Even with the commissioner in my head, with these massive fines for dangerous tackling techniques, last week I still had five tackles, two sacks, a forced fumble and a pick. That gives me 69 tackles, nine sacks and five forced fumbles already this season. I'm gunning for my second defensive player of the year award, and here's my secret: I hit everybody. Anything that moves that isn't wearing black and gold, you're fair game. So to all of you, I'm sorry. I'm sorry that I can't be blocked. I'm sorry that I can't be stopped. I'm sorry that the NFL can't legislate me into being a kinder, gentler, softer tackler.
Your friend, James Harrison
The 2007 New England Patriots were able to establish themselves as the bad boys of the league after the whole Spygate issue blew up national headlines. Instead of trying to placate the bloodthirsty populace, they went into complete and total "Eff You" mode (Bill Simmons term) and not only blew the doors off most teams they played, but they ran up the score just to get people even angrier with them.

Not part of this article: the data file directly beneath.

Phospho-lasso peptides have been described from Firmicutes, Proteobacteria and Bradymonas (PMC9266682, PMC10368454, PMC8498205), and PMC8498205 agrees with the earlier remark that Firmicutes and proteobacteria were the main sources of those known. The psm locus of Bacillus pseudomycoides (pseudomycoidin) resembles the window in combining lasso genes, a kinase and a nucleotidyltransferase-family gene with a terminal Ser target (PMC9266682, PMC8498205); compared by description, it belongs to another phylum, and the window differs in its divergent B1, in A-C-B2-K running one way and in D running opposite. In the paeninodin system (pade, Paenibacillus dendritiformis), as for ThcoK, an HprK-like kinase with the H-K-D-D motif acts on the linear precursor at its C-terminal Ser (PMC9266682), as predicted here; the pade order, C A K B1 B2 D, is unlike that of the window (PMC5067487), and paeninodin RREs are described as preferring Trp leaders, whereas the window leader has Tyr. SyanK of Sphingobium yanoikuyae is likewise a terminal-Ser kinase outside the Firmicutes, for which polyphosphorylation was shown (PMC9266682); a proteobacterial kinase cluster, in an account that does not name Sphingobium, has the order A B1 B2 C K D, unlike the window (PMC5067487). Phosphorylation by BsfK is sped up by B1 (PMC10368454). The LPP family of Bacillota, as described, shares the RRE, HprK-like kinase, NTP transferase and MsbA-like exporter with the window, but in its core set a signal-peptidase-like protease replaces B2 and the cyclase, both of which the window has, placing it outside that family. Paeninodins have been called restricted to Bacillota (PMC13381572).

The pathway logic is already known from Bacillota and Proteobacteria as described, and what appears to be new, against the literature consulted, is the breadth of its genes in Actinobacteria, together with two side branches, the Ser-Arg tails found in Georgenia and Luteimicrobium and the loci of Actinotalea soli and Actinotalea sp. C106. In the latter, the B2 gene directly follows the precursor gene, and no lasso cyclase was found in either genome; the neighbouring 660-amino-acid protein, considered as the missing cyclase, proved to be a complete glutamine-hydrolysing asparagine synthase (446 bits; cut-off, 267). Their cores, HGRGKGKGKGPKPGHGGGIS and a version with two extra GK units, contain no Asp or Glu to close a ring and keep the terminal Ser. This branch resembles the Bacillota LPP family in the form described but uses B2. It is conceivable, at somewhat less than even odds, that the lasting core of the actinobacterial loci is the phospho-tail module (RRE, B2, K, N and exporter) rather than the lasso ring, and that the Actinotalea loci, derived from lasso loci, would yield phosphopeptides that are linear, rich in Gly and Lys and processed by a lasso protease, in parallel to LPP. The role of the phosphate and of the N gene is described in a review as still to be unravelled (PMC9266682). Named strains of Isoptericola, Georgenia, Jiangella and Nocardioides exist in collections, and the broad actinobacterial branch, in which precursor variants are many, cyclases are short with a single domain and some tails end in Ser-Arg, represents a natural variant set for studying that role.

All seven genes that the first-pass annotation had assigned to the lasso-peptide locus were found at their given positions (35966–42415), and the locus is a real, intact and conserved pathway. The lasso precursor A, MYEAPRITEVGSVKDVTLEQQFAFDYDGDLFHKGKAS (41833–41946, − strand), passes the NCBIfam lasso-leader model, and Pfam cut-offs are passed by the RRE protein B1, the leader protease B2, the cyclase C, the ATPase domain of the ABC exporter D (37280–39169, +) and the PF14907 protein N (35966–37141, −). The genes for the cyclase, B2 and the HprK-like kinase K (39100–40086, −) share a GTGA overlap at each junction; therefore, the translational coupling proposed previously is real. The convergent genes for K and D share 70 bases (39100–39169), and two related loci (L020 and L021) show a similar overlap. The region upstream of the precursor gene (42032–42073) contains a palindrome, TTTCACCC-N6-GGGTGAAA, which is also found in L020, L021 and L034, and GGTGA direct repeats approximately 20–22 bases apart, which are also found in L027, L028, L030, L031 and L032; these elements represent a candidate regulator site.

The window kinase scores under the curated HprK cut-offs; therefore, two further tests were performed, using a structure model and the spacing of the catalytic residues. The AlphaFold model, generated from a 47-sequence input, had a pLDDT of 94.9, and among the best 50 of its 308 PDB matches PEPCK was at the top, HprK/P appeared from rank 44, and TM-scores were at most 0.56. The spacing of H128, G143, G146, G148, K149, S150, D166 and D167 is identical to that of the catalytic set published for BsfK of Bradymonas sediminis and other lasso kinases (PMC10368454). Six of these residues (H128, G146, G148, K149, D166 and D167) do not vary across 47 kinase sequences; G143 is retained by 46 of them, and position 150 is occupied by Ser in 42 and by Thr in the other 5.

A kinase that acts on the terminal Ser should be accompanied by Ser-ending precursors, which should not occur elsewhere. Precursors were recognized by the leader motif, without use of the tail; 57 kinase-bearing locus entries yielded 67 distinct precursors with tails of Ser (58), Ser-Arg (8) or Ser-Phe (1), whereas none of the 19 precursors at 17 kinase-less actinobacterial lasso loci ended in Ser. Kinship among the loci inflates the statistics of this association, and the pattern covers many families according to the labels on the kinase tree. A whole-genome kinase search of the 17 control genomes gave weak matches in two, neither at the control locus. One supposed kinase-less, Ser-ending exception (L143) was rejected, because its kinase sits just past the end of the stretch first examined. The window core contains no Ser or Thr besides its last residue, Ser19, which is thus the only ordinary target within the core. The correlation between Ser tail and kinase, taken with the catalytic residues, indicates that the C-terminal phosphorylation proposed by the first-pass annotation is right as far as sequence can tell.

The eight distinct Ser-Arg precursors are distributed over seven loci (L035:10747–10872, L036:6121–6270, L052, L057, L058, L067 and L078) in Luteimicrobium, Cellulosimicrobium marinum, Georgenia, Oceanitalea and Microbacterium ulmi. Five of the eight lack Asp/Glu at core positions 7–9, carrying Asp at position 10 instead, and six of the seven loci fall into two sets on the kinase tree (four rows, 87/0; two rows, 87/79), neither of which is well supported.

The result of that was more people hating them, calling them out and giving them plenty of reason to want to go out and kick the tar out of their next opponent. Everyone was against them. Everyone hated them. It gave them a level of focus and togetherness that brought them to the cusp of being the greatest team in the history of the game.
To a lesser extent, the Steelers have the same opportunity now. And clearly, the Oakland game showed that mentality come to the surface. The flags rained down, and they responded by hitting harder, playing with more emotion and the final result was the most one-sided dominant effort they produced all season.
There are some who are still calling them out, and PZB welcomes it. We will post everything we find that can be used as a proverbial log on the "Us Vs. The World" fire.
The first example is obvious; Raiders DT Richard Seymour received a $25,000 fine for punching Roethlisberger in the face, despite picking up two fines last season, one for pulling Broncos LT Ryan Clady's hair (bet you never thought you'd hear hair-pulling was a fineable incident) and one for punching Browns RB Jerome Harrison after the whistle.